The reasons for this occurrence have not been completely explored but it is believed that, when the body approaches to within a prescribed distance of the fitting 9, some of the fluid forming the conical sheet is caused to feed into the interior region defined by the cone and thus raises the pressure therein. More specifically, the cone of fluid which is designated by reference numeral 13 maintains its continuity or integrity over a certain distance from the end of the fitting 9 and that thereafter the fluid breaks up into discrete particles. If the object 12 is located in a region downstream of where the conical sheet of fluid 13 disperses, the object has substantially no effect upon the pressure interiorly of the passage 9. However, if the object 12 is raised so that it contacts the cone of fluid; that is, contacts the fluid before dispersal occurs, then the fluid of the cone tends to feed to the interior of the cone as well as the exterior thereof. The fluid fed to the interior of the cone increases the pressure in this region, and this increase in pressure is transmitted to the fitting 9, passage 6 and the vortex chamber 2.
Based on this theory, it would appear that the point at which the cone disperses is a function of input pressure since it has been found that, as the input pressure to the chamber 2 is increased, the distance downstream of the end of the fitting 9, at which a body produces a sudden rise in pressure, is greater than when the pressure is lower.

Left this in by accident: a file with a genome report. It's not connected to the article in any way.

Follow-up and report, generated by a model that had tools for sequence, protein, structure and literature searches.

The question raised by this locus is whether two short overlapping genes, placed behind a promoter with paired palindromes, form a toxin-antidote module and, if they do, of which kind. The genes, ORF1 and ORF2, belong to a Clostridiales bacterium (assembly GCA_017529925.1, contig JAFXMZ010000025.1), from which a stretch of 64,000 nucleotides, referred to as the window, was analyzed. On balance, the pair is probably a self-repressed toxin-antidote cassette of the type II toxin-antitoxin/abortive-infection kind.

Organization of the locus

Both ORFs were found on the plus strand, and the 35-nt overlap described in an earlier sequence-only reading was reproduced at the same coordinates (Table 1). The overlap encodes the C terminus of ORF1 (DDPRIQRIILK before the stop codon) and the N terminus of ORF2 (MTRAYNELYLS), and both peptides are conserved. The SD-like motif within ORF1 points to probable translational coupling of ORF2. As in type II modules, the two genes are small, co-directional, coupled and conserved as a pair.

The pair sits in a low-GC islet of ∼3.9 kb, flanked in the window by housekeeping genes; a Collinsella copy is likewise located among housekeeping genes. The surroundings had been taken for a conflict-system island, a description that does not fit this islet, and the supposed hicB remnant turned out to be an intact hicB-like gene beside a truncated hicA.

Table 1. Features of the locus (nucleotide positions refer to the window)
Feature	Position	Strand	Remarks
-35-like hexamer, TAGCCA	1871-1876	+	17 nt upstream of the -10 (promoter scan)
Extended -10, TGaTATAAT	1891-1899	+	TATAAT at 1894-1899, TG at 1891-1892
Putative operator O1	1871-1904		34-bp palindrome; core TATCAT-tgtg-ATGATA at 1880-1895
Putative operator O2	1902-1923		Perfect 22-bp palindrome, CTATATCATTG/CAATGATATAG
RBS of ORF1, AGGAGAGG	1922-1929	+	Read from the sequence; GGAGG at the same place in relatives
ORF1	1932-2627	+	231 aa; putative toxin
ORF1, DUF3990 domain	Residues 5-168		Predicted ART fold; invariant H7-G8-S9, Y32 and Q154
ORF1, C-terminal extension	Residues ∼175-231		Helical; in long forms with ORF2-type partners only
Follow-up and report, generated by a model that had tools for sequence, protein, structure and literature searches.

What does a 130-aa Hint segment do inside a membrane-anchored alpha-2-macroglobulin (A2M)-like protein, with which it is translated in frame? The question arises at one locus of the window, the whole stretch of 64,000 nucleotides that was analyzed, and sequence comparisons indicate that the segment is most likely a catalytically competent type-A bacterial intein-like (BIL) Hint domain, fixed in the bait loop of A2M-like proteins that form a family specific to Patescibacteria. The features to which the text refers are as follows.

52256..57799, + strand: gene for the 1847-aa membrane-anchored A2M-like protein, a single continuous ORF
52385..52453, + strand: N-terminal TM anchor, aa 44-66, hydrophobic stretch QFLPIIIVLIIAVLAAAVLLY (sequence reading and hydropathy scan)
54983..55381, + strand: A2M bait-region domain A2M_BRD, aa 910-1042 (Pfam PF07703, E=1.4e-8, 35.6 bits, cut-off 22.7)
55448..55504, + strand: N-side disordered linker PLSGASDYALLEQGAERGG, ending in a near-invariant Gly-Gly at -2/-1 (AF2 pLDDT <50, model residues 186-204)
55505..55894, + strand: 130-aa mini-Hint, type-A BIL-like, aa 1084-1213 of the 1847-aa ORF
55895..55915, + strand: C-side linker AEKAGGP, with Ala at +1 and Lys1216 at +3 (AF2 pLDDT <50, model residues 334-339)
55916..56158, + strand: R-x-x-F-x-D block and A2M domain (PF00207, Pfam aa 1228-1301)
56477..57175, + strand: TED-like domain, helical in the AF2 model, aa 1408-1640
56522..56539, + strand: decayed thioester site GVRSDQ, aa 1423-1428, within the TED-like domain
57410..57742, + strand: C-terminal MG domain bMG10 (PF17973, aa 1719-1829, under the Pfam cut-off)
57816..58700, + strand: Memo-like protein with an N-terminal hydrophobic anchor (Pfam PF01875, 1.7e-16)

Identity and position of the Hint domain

The extent to which the pipe 11 extends through the chamber 2 toward the egress orifice 6 is determined by the initial pressure at which it is desired to operate the sensing tube. If the sensing tube is flush with the upper surface of the chamber 2, the pressure therein is usually somewhat positive relative to the pressure downstream of fitting 9. (It is postulated that this pressure at this point could be negative if the height of the chamber is small enough.) If the tube is extended into the egress orifice, then normally the pressure therein is negative and, of course, at some location between these two positions the pressure is at ambient. Thus, the pipe 11 may be positioned to provide a pressure therein which comports with the particular sensing system to which the tube 11 is to be connected.
It should be pointed out that the fitting 9 is not at all essential to the operation of the apparatus, but its use does permit greater flexibility in the selection of the location of the body 1 relative to the vortex chamber per se.